Contents

# Examples

• ### Differential equation

Here is the Wilson-Cowan equation:

u' = -u+f(aeeu-aiev-ze + Ie(t) )
v' = (-v+f(aeiu-aiiv-zi + Ii(t) ))/tau

and here is the corresponding ODE file:

```# wilson-cowan
f(u)=1/(1+exp(-u))
par aee=10,aie=8,aei=12,aii=3,ze=.2,zi=4
par tau=1
i_e(t)=ie0+ie1*sin(w*t)
i_i(t)=ii0+ii1*sin(w*t)
par ie0=0,ie1=0,w=.25
par ii0=0,ii1=0
init u=.1,v=.05
u'=-u+f(aee*u-aie*v-ze+i_e(t))
v'=(-v+f(aei*u-aii*v-zi+i_i(t)))/tau
@ total=40
@ xp=u,yp=v,xlo=-.1,xhi=1,ylo=-.1,yhi=1
done
```
I have added definitions for the inputs and the function f as well as default initial data and parameters. I also set it up so that the initial window is the phaseplane.

• ### Higher order differential equations

XPP cannot solve higher order equations. You must first write them as a system of first order equations. For example, the third order equation:

x''' + a x'' + b x' + c x = x2

should be rewritten as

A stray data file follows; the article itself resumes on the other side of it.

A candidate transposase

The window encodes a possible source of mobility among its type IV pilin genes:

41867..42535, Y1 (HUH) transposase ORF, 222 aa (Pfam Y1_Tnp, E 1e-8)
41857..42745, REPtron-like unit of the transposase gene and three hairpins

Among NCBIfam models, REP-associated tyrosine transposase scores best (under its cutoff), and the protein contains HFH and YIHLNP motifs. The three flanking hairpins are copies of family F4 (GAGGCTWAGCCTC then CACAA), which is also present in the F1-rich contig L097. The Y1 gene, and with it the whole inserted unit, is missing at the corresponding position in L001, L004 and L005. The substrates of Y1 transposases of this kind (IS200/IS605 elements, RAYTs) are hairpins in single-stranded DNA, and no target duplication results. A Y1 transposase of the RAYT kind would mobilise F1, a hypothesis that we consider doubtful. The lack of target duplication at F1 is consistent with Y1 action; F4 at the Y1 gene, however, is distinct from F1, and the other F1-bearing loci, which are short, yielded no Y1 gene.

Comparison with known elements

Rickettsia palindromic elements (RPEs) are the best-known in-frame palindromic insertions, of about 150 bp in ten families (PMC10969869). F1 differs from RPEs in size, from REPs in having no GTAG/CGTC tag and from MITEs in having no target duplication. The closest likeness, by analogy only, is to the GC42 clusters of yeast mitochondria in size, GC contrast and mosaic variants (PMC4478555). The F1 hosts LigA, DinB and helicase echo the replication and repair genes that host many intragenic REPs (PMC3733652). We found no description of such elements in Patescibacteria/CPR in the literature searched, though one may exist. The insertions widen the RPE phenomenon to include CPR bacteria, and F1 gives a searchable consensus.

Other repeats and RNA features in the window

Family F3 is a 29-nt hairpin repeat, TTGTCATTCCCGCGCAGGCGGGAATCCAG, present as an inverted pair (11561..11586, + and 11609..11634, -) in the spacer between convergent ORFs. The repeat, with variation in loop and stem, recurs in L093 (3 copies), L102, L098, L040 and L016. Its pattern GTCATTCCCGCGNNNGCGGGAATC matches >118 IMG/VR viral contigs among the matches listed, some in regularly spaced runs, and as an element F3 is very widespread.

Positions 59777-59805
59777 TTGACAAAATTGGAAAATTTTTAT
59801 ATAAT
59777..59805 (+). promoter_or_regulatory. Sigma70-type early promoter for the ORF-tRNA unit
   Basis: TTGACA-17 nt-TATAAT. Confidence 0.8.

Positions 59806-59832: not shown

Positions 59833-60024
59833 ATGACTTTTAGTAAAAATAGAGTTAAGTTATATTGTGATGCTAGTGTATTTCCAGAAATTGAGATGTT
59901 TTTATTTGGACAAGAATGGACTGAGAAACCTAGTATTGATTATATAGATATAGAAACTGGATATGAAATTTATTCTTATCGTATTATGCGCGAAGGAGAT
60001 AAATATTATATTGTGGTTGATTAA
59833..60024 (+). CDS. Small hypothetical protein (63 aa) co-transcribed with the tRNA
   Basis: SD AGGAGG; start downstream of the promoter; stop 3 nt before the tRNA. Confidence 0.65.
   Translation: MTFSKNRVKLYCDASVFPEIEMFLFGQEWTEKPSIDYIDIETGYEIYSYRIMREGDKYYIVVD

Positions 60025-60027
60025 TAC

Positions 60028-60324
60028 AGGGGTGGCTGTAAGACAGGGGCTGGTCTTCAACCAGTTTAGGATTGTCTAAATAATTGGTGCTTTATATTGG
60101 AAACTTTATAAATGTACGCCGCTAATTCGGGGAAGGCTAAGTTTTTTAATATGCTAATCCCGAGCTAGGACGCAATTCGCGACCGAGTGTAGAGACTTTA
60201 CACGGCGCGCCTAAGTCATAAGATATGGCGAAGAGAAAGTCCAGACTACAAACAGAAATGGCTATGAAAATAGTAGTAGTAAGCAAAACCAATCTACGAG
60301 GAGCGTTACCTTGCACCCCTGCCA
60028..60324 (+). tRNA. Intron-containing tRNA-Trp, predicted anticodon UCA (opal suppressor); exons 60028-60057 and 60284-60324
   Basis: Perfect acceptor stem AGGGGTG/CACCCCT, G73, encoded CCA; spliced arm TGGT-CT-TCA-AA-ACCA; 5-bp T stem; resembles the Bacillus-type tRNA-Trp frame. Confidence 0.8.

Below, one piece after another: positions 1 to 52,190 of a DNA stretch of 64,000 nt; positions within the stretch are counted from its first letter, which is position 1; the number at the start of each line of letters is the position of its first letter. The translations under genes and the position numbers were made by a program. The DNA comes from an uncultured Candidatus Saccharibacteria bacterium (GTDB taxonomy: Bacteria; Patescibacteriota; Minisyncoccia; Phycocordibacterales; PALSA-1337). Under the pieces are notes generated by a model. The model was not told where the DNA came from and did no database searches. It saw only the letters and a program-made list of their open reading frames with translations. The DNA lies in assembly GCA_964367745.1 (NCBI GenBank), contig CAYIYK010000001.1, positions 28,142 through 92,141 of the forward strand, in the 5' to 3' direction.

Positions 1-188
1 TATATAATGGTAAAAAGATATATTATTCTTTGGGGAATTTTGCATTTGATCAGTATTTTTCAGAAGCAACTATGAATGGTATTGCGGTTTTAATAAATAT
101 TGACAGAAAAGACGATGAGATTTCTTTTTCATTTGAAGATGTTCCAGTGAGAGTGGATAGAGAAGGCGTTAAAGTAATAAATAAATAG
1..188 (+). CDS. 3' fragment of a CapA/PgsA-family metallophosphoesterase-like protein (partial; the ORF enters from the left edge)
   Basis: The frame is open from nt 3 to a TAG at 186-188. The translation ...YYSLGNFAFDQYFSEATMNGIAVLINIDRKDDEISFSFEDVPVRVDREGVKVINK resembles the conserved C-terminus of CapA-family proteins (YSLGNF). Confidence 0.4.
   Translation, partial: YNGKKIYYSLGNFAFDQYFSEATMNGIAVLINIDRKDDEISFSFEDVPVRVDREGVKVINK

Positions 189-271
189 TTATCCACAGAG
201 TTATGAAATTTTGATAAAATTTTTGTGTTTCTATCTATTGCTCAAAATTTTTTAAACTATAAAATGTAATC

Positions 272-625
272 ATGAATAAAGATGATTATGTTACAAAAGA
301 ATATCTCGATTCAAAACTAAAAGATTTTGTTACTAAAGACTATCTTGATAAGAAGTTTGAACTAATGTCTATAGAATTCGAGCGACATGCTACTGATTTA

x' = y
y' = z
z' = x2 - a z -b y -c x

with the corresponding ODE file

```# third.ode
x'=y
y'=z
z'=x^2-a*z-b*y-c*x
par a=1,b=2,c=3.7
init x=1,y=0,z=0
aux en=x^2+y^2+z^2
@ total=200
@ xp=x,yp=y,xlo=-2,xhi=5,ylo=-4,yhi=5
done
```
I have set the plotting parameters and integration time. I have also added another quantity en which is stored and can be plotted as well.

• ### Difference equation or maps

The example is the delayed logistic map

xn+1 = a xn-1(1-xn)

This is a second order map and XPP can only solve first order equations. We write it as a pair of first order equations:

xn+1 = yn
yn+1 = a yn(1-xn)

and get the corresponding ODE file:

```# delayed logistic map
x'=y
y'=a*y*(1-x)
par a=2.2
init x=.2,y=.2
# set method to discrete
@ meth=discrete
@ total=100
@ ylo=-.1,yhi=1,xhi=100
done
```
Here the most important thing is that I tell XPP that this is a discrete dynamical system.

• ### Delay-differential equation

XPP can solve delay equations with one or more delays. Here is a delay equation due to Mike Mackey and Leon Glass:

x'(t) = -g x(t) + b f(x(t-d))
f(x) = x/(1+xn)

Here is the ODE file:

```# mackey-glass
f(x)=x/(1+x^n)